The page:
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House Republicans say their new tax bill will grow the economy, create jobs and simplify taxes. One way they hope to do that is by eliminating some tax deductions. The one for charitable contributions is not on the table. Still, nonprofit groups say the bill would discourage giving. And they are ready to fight, as NPR's Pam Fessler reports.
PAM FESSLER, BYLINE: When House Majority Whip Steve Scalise spoke in favor of the new GOP tax bill yesterday, he held up a small card.
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STEVE SCALISE: Over 90 percent of Americans will be able to fill out their taxes on a postcard. That's what simplicity means.
FESSLER: But that simplicity comes with a price, say charities and other nonprofits, even though Republicans promise to preserve the deduction for charitable giving.
STEVE TAYLOR: Turns out that's just a talking point, and it's really pretty misleading.
FESSLER: Steve Taylor, a senior vice president at United Way Worldwide - he notes that now about a third of taxpayers itemize their deductions, including for charitable donations.
TAYLOR: Under this new proposal, only about 5 percent of people will itemize their taxes. What that means is effectively millions of Americans that currently claim the charitable deduction will lose it.
FESSLER: That's because the Republican plan would double the standard deduction that taxpayers get in lieu of itemizing - good for taxpayers maybe but bad for charities. Una Osili is with the Philanthropy School at Indiana University. She says the proposed changes could...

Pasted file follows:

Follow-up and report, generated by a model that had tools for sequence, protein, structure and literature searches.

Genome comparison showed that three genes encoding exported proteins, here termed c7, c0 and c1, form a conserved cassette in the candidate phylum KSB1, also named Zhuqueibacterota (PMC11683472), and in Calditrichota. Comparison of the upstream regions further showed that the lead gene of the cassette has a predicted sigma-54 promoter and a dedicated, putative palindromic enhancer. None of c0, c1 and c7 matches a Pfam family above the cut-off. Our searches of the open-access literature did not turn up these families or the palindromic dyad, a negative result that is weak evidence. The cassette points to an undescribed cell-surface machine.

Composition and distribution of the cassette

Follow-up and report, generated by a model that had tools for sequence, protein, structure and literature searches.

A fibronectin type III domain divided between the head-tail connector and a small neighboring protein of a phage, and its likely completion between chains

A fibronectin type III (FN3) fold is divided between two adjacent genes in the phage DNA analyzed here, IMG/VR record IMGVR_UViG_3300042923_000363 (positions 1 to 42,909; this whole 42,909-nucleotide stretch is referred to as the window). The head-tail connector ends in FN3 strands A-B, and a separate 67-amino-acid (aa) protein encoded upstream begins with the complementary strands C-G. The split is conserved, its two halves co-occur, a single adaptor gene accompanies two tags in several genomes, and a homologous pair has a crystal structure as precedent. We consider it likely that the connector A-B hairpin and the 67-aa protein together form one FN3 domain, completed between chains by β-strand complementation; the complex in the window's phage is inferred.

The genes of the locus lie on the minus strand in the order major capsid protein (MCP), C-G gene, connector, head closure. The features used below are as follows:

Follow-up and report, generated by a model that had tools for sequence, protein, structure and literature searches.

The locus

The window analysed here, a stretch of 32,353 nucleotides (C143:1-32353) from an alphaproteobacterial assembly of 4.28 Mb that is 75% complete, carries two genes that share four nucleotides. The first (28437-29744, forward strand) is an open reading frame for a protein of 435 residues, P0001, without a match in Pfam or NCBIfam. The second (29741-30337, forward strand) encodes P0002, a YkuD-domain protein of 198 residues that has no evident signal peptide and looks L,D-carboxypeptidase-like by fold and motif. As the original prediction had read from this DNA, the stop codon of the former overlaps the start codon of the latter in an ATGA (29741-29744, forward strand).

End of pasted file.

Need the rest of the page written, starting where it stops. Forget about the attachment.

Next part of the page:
UNA OSILI: Reduce charitable giving by up to $13 billion a year. And that translates to a significant amount.
FESSLER: Especially for smaller nonprofits like churches and community groups that rely on donations from lower- and middle-income taxpayers. She says it's not that people will stop giving. They just won't give as much. Tim Delaney, who heads the national council of nonprofits, says this is especially worrisome because Congress is trying at the same time to cut domestic spending.
TIM DELANEY: That will lead to more people having more needs. And we're just concerned that this is going to overwhelm the nonprofit community.
FESSLER: So that community is pushing Republicans to include something else in their tax plan. It's called a universal charitable deduction, which taxpayers would get on top of the standard deduction. It could cost the Treasury several billions of dollars a year. But the plan has won some crucial Republican support. Steve Taylor of United Way says other lawmakers will be hearing a lot more about it soon.
TAYLOR: There's 1,150 United Ways in the United States. That means there's at least one United Way in every single congressional district. And so over the next couple of days and into next week, those United Ways are going to be reaching out to their members of Congress.
FESSLER: As will tens of thousands of other nonprofits around the country. Still, Taylor admits they'll be competing with lots of other interests fighting to protect tax breaks important to them. Pam Fessler, NPR News, Washington.
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